Santa Clara County health officials announced this afternoon (Feb. 28) they have confirmed a third case of coronavirus in the county — an older woman being treated at El Camino Hospital in Mountain View who differs from the two previously identified cases because she “does not have a travel history nor any known contact with a traveler or infected person.”
“This new case indicates that there is evidence of community transmission but the extent is still not clear,” said Dr. Sara Cody, Health Officer for Santa Clara County and Director of the County of Santa Clara Public Health Department.
This Santa Clara County case comes a day after state officials said a woman hospitalized at UC-Davis Health Center in Sacramento had contracted the illness after no known contact.
The Santa Clara County woman has chronic health conditions and had been hospitalized with a respiratory illness, the county Public Health Department said in a statement. El Camino Hospital released a statement confirming they are treating the patient but provided no other details due to confidentiality laws.
The county tested her specimens Thursday at the request of the woman’s infectious disease physician and the department is now trying to identify contacts she may have had, officials said.
The county, as a matter of policy, does not reveal the city in which the victim lives. The woman was in El Camino’s Critical Care Unit last night.
The case of the infected woman marks an escalation of the worldwide outbreak in the U.S. because it means the virus could spread beyond the reach of preventative measures like quarantines, though state health officials said that was inevitable and that the risk of widespread transmission remains low.
Cody said this new case should change how people are thinking about this outbreak.
“Start thinking about family preparedness and what you might need to do if you need to stay home for a little while. And for communities, we need to prepare for the possibility of further spread of the virus,” Cody said.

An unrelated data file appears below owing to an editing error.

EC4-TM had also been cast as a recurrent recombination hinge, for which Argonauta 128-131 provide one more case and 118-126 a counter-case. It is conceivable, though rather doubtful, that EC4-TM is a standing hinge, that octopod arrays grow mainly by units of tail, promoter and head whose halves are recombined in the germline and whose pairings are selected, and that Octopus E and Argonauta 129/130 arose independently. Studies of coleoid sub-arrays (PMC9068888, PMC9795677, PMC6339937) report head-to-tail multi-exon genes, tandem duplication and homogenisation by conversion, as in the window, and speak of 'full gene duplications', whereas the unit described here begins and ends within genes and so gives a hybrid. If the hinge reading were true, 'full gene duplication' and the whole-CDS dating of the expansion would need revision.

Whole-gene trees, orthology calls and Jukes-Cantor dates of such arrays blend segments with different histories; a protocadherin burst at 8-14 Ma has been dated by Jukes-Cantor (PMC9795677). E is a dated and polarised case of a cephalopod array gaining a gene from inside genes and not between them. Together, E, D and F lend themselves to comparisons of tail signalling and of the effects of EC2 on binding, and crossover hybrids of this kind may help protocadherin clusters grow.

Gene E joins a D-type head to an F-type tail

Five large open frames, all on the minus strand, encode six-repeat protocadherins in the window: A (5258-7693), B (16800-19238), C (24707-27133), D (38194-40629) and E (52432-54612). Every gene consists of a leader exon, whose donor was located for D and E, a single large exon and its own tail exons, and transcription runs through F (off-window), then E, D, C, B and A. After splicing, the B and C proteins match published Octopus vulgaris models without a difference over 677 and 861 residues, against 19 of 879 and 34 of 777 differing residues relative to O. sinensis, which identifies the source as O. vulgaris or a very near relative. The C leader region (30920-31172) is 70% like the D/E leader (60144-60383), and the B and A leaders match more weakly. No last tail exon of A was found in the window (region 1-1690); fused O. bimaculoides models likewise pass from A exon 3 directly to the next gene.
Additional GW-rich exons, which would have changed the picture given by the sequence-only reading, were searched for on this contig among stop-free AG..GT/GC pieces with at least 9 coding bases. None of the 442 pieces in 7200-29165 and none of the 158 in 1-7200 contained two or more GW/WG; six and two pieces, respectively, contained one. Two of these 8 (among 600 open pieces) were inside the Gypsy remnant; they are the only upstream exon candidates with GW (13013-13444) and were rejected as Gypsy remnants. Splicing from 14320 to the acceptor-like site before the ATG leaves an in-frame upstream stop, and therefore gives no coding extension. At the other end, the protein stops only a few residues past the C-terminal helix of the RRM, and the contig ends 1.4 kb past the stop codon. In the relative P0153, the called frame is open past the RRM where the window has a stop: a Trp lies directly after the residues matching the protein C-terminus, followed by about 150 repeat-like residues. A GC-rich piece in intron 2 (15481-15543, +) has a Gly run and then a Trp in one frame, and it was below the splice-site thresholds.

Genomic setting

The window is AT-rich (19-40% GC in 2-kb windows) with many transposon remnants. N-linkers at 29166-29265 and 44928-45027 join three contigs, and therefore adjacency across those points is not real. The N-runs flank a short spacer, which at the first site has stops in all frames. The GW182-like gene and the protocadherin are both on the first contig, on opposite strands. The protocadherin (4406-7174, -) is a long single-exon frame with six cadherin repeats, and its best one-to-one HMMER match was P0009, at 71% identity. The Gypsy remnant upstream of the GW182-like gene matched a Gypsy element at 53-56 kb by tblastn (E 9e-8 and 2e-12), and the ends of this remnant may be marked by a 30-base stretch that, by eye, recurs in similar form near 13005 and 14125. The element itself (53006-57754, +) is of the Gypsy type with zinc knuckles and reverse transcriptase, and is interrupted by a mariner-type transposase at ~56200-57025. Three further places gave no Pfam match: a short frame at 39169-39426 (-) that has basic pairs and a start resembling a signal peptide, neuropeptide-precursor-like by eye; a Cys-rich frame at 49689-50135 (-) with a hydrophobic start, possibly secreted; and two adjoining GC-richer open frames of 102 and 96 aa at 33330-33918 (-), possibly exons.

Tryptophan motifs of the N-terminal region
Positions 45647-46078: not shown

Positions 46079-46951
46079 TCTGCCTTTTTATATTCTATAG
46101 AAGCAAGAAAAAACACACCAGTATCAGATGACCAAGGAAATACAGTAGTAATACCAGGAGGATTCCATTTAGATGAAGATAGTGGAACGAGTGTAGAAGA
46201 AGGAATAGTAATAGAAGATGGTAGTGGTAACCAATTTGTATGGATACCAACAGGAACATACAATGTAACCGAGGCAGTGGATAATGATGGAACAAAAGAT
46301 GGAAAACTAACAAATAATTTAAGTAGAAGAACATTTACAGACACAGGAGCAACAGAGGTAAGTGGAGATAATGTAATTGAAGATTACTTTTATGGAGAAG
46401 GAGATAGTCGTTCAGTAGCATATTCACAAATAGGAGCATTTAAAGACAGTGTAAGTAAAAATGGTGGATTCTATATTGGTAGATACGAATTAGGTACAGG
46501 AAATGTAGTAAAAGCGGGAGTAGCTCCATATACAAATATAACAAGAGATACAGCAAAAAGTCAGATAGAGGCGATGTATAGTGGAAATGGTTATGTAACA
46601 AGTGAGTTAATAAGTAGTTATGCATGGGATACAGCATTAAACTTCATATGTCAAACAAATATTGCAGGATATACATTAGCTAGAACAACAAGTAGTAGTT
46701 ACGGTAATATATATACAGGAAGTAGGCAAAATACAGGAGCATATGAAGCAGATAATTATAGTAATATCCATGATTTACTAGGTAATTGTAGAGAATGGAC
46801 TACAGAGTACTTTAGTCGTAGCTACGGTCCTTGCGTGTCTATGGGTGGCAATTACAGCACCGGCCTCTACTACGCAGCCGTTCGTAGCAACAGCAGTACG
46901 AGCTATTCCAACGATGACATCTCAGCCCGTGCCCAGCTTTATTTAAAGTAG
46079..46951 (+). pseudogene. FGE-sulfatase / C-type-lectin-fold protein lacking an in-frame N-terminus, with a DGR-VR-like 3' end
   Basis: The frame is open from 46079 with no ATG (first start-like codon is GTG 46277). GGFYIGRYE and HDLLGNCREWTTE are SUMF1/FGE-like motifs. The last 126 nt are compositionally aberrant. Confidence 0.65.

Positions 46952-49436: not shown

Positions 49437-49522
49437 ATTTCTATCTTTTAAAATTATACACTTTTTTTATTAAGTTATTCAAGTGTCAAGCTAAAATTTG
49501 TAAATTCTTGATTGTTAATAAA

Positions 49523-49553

“Schools should plan for absenteeism and explore options for learning at home and enhance cleaning their surfaces,” she said. “Businesses wherever possible can replace in-person meetings with video or telephone conferences and increase tele-working options as well as modified absentee policy, and of course enhance cleaning of surfaces.”
When asked if parents should keep children in school and whether businesses should keep their employees working, Cody said, “At this point, we don’t have any recommendations for staying home from school or work unless you’re sick. Certainly if anyone is sick they should stay home from work or school.”
“Again, this is an evolving situation and we’re learning more, but for now what we would like businesses and schools to do is to start preparing and thinking about what if would be like if there were a large number of children who needed to be home or teachers that need to be called.”
Cody said people should be particularly mindful to keep their hands washed and continually refrain from touching their mouths, eyes or nose, as the virus can spread through such touching.
Dr. Christopher Braden, deputy director at the U.S. Centers for Disease Control and Prevention’s National Center for Emerging and Zoonotic Infectious Diseases, said the virus can remain on a surface for several days but is susceptible to most hygiene products like gel hand sanitizers.
California public health officials on Friday said 8,700 people are self-monitoring after arriving on commercial flights from China through Los Angeles and San Francisco. That’s up from the 8,400 that Gov. Gavin Newsom cited on Thursday, though officials said the number increases daily as more flights arrive.
— From staff and wire reports